The Indian government has a near perfect ground game in terms of messaging domestically on matters related to Pakistan and Pakistan-sponsored terrorism. And yet, ever since the standoffs with China began in early May, the government’s communications have been limited, confused, and confusing.
This is not to say that India’s military responses to either Pakistani or Chinese provocations – based on such information as is available in the open domain – has been wanting. In the case of the former, one could argue that even such an incident as Balakot where India attacked Pakistani territory, was calibrated well given that it did not lead to escalation. In the case of the Galwan Valley incident of 15 June, too, the official statement on the Prime Minister’s remarks at the All Party Meeting on 19 June quotes him saying, “that twenty of our brave soldiers made the supreme sacrifice for the nation in Ladakh but also taught a lesson to those who had dared to look towards our motherland”. This suggests that the Indians at least gave as good as they got. The Chinese, too, seemed to acknowledge casualties on their side. In dealing with a power like China with its superior military capabilities, that is as good as one can expect, and even something of a victory for India.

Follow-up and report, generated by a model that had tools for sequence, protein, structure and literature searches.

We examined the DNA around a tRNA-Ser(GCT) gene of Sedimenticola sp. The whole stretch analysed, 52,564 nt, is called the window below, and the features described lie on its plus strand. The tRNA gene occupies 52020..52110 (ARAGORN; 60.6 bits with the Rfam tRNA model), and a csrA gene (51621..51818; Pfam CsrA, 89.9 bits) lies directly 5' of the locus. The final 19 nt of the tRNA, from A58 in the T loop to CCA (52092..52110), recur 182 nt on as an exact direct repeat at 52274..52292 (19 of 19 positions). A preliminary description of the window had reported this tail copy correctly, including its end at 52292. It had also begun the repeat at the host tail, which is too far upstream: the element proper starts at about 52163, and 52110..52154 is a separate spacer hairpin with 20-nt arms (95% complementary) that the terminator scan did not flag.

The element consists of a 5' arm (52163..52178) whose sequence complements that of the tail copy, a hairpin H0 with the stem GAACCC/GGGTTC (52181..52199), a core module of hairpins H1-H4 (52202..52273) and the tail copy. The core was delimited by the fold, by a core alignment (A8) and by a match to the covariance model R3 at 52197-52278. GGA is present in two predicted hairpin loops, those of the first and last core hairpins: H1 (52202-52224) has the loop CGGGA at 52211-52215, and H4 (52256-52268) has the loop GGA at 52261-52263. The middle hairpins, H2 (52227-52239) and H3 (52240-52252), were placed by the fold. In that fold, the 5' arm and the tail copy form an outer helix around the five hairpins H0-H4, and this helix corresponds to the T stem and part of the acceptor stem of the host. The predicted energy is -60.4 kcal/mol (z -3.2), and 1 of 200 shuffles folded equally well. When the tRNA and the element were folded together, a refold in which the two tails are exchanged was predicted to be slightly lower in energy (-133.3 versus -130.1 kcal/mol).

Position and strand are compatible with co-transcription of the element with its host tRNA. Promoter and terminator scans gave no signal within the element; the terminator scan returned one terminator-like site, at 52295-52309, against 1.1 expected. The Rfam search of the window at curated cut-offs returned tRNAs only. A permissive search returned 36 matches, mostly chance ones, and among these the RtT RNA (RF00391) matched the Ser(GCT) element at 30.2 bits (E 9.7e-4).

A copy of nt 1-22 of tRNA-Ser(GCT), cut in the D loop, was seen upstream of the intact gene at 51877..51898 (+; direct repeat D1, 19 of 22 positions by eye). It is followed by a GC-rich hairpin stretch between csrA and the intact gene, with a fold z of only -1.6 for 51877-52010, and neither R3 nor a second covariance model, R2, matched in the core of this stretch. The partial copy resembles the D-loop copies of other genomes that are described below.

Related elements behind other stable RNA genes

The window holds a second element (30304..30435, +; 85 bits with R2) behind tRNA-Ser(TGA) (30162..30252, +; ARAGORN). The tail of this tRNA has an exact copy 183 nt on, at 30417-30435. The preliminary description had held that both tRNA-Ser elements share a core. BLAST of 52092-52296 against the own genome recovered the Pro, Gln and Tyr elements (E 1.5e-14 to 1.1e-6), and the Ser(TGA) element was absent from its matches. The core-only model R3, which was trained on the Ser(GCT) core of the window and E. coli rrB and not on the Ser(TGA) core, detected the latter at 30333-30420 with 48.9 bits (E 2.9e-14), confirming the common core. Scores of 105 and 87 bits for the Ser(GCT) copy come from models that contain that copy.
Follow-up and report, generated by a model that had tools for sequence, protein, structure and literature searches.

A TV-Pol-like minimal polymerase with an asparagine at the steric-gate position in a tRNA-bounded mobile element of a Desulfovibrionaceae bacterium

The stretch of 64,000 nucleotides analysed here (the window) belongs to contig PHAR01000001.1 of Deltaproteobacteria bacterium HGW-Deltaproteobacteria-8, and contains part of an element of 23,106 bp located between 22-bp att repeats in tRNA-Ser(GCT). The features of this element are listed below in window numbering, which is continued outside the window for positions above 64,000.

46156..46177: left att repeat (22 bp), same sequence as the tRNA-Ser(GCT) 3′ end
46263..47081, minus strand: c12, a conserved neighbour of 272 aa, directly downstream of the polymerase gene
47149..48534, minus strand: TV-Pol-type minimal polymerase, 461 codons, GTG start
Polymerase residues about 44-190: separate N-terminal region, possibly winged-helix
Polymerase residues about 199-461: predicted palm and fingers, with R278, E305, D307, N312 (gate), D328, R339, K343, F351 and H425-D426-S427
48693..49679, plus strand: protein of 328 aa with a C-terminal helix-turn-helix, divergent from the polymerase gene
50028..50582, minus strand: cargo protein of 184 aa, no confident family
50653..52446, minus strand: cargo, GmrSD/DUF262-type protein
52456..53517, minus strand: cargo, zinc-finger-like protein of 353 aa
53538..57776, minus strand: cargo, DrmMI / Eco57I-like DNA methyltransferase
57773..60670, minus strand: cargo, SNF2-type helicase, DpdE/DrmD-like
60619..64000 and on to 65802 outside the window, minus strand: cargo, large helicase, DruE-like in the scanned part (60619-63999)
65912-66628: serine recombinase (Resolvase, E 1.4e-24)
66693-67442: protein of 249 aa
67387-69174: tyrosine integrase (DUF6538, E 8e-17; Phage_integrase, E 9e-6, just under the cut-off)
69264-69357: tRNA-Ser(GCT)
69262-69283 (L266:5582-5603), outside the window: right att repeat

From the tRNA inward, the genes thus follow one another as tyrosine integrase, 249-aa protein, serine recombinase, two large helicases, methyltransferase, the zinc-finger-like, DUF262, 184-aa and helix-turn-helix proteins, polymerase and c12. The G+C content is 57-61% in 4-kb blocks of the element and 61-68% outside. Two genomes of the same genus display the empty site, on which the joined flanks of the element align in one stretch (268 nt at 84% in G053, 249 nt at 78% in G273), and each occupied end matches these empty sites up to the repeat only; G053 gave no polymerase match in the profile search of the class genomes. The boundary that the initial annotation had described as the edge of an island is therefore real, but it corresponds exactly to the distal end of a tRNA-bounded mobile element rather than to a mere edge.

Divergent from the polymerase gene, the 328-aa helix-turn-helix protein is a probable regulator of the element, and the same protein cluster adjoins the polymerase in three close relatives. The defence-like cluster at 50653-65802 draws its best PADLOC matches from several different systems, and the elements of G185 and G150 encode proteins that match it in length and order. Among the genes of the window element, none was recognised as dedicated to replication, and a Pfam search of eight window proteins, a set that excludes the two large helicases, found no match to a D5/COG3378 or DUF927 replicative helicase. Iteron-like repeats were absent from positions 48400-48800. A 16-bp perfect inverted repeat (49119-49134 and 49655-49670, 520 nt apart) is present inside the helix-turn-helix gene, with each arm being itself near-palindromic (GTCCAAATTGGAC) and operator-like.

However, the question here for the Indian government is of communicating its position and version of events accurately both at home and abroad. The 19 June statement shows the Prime Minister prefacing his reference to the deaths of the soldiers by saying “that neither is anyone inside our territory nor is any of our post captured”. In reality, this obscured more than it clarified. While the present tense suggested that he could technically be accurate insofar as the situation at the moment of his speaking was concerned, the Hindi version – ““न तो किसी ने हमारी सीमा में प्रवेश किया है, न ही किसी भी पोस्ट पर कब्जा किया गया है” na to kisi ne hamari seema main pravesh kiya hain, na hi kisi bhi post par kabza kiya gaya hain – appeared to make a somewhat larger claim covering the entire period since confrontations started in May that neither had anyone entered Indian territory nor capturedany Indian posts.